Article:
These functions, in conjunction with software-defined wide area networks (SD-WAN), allow private and public networks to work together as virtual networks that can be centrally managed and automated to optimize performance.  

Unlike their hardware appliance predecessors, NFVs can be deployed in minutes. That allows businesses as well as network and cloud service providers to deliver the required network performance in response to changing bandwidth demands, geographic expansion, or the rollout of new applications.

Network Functions Virtualization Delivered 'As a Service' Where and When Needed

The broad global expansion of networks, increased data throughput and processing demands required by 5G and the multitude of new use-cases necessitate greater functional agility throughout the network. Software-defined networks (SDNs) aid in this goal by providing centralized control, coordination and programmability of network functionality.

SDNs allow network functions virtualization to be deployed “as a Service” where and when needed. The number of available virtual network functions continues to grow. A few examples illustrate how they support network agility, scalability and efficiency.  

  • Anticipate predictable changes in demand (business hours, weekdays vs weekends, scheduled high-volume data transactions) automatically deploying additional routers at critical network locations to optimize network traffic. 

  • Deliver secure applications in new geographies without building IT infrastructure. Utilize IT hosting resources of communications, network, or cloud providers to provision firewalls to protect against threats that can lead to network congestion and service outages.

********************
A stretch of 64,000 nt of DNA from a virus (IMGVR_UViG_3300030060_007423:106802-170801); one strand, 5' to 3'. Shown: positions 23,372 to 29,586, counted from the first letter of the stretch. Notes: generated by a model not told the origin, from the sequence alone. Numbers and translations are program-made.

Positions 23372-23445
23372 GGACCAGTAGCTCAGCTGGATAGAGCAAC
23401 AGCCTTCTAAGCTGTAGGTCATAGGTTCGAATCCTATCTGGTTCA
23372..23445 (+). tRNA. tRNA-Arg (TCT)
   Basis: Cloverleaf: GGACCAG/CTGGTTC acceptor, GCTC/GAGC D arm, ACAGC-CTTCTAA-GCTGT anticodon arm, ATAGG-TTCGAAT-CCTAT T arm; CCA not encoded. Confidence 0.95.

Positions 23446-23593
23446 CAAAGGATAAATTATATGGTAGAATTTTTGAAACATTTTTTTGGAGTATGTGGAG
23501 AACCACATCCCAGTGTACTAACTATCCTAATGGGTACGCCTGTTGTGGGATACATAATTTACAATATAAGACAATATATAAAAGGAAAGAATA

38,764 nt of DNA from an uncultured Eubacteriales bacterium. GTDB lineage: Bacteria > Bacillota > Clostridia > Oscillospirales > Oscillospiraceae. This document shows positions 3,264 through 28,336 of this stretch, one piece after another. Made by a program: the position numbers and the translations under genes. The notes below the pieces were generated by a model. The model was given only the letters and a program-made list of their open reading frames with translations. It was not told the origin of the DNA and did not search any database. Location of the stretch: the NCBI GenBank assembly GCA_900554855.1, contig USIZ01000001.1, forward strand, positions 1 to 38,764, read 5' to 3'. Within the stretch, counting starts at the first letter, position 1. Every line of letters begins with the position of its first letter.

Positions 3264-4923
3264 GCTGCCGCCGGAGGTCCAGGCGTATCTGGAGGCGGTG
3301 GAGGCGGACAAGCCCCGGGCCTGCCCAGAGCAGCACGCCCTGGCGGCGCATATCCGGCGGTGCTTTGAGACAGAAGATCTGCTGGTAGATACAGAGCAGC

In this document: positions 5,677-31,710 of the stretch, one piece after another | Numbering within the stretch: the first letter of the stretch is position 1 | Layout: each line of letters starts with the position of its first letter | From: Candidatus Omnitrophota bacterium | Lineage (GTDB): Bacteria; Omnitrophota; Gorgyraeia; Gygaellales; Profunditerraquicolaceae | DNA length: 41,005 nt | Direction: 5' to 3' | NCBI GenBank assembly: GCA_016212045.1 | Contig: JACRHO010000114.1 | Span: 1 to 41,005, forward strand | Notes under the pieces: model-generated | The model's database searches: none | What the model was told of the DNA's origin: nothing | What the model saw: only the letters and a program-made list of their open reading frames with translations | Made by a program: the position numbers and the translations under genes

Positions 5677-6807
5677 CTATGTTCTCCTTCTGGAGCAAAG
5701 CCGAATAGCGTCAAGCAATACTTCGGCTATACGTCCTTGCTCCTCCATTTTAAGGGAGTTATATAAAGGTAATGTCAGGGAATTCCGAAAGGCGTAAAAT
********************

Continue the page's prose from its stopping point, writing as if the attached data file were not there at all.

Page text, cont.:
• Deploy routers to provide secure optimized connections between local applications running in one cloud provider’s environment and a central database hosted on a different cloud environment. 

  • Place encryption key management services “at the network edge,” to minimize latency for applications, data and users, without the need for hardware security modules (HSM).

For expanding networks, network functions virtualization can offer attractive economic and operational benefits. General purpose server hardware replaces purpose-build network hardware appliances. Rapid, on-demand deployment eliminates long procurement and installation cycles. NFVs can quickly be scaled up or down to meet changing throughput or processing demands. Centralized control and policy management helps reduce errors often associated with manual hardware deployment and configuration.

NFVs Support a Seamless Digitial Experience

As part of a software-defined network, NFVs create intelligent networks that are easier to manage and respond to the widely varying user needs. The fast track to realizing the benefits of NFV and physical hardware coefficiency is through working with companies that provide data centers worldwide, software-defined interconnections to thousands of enterprises, including communications, network and cloud providers and an ecosystem of NFVs. The ability to deploy NFVs at the edge, in metros close to users and key digital supply chain partners, plays a major role in increasing performance and reducing costs.

An integrated NFV and interconnection platform provides the additional benefit of being able to both deploy virtual edge infrastructure and connect your digital supply partners. This reduces time to market, reduces CapEx required to deploy and lowers the technical expertise needed to enable a hybrid multi-cloud edge architecture.

Purpose-built network hardware will continue to play a foundational role in network management. However, the ability to rapidly deploy the appropriate network functions when and where needed is critical in delivering the levels of performance and seamless experience demanded by the people, devices and applications that depend on these critical resources.

Opinions expressed in the article above do not necessarily reflect the opinions of Data Center Knowledge and Informa.